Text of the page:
Whisper it, but 2016 looks like the best opportunity that Novak Djokovic has had yet to win his first French Open crown and complete the career Grand Slam.
His nearest rivals are showcasing signs of weakness, while the Serb himself appears to be playing some of his best clay court tennis in years.
Rafa Nadal, for example, has been in good form recently, but you get the feeling that his first serve and his formerly all-conquering backhand are now vulnerable to attack. Dominic Thiem, Jo-Wilfried Tsonga and David Goffin are all capable of posing questions of the Spaniard in that quarter of the draw.
Andy Murray, meanwhile, has been taken to two five-set encounters by journeyman Radek Stepanek and unknown Mathias Bourgue, and that is hardly ideal preparation for potential future meetings with the likes of John Isner and one of Kei Nishikori/Richard Gasquet/Nick Kyrgios.
And then there’s reigning champion Stan Wawrinka, who was taken to a fifth set by Lukas Rosol in the first round.
So by a process of elimination, we can see that Djokovic has an outstanding opportunity to win this tournament, and it is only his psychology that will ultimately prevent him from doing so. At a price of 1.75, he still represents great value.
The round of 32 will continue today and throughout the weekend, and a number of match-ups catch the eye.
Roberto Bautista-Agut (1.43) will be fancied to see off young Croat hopeful Borna Coric, given that in their two clay court encounters he has won in straight sets on both occasions. Coric was taken to five sets by Bernard Tomic, who readily admits he hates playing on slow surfaces, so backing the Spaniard makes sense.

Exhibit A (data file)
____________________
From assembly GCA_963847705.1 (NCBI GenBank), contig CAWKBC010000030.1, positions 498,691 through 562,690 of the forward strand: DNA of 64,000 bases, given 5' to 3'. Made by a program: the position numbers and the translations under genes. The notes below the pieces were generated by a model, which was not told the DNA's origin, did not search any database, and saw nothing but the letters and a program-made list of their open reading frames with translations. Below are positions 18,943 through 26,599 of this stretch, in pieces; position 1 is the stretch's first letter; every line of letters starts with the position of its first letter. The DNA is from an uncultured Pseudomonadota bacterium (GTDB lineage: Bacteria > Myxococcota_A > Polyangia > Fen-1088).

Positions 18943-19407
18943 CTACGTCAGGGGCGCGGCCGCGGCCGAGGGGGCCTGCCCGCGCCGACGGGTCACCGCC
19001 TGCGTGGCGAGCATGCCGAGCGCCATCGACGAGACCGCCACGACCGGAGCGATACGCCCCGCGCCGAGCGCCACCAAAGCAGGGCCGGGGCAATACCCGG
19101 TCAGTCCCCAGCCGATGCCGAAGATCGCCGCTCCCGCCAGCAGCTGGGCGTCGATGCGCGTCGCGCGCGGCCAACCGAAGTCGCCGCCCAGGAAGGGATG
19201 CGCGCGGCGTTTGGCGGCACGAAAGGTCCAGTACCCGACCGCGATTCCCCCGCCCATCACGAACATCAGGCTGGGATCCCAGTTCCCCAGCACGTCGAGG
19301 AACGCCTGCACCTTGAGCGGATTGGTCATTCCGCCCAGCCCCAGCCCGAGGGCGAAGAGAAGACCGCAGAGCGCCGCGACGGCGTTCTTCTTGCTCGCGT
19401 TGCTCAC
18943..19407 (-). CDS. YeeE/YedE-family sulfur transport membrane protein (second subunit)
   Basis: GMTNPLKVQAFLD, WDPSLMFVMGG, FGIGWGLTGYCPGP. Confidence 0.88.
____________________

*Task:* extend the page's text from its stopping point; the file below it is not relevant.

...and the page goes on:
Pablo Cuevas has plenty of fans who enjoy clay court action, and the Uruguayan is fast becoming one of the handiest slow surface specialists around. He has beaten Gael Monfils and Phillip Kohlschreiber in recent weeks and taken sets from Kyrgios and Milos Raonic, so the pedigree is there.
His opponent, Tomas Berdych, looks slightly vulnerable in these conditions – he lost 0-6 0-6 to David Goffin a fortnight ago and dropped a set to Malek Jaziri in the second round here, so we expect Cuevas to win at least one set. As a consequence, the over 37.5 game mark at 1.85 looks a sublime bet; in fact the best of today’s betting tips from Betadvisor.
And finally, we’re happy to tip up Ernest Gulbis’ chances against Jo-Wilfred Tsonga. Gulbis looked in sublime form in his straight sets win over Joao Sousa, while the local hero Tsonga was taken to five sets by Marcos Baghdatis. This match could go all the way, so Gulbis with a +3.5 game handicap at 2.00 makes sense.
It has been a tough time for the womens seeds so far, with three of the top-ten already departing: Viktoria Azarenka, Angelique Kerber and Roberta Vinci have all packed their bags. Serena Williams is still standing tall though, as are Garbine Muguruza, Simona Halep and many people’s dark horse for the title Timea Bacsinszky, who was available pre-tournament at 50.00.
Head-to-head stats are often a great indicator in tennis; some players really struggle to get to grips with certain opponents. There are some great examples of that here, including Ana Ivanovic, who looks a very generous price at 1.66 given that she holds a 7-0 h2h lead over her opponent, Elina Svitolina.
Elsewhere Venus Williams must have been delighted to draw Alize Cornet in the last 32; she holds a 5-0 h2h lead over the Frenchwoman and has never dropped a set to her. Naturally then, the odds of 1.94 on her to win 2-0 here are very generous, and can be added to today’s best betting tips with relish.
Finally, Bacsinszky will be confident she can see off world number 88 Pauline Parmentier in straight sets. The Swiss starlet has only been beaten by Muguruza and Halep on this year’s clay swing, while Parmentier generally plays on the Challenger Tour; with mixed success. Take the 1.75 on offer for the Bacsinszky 2-0 win.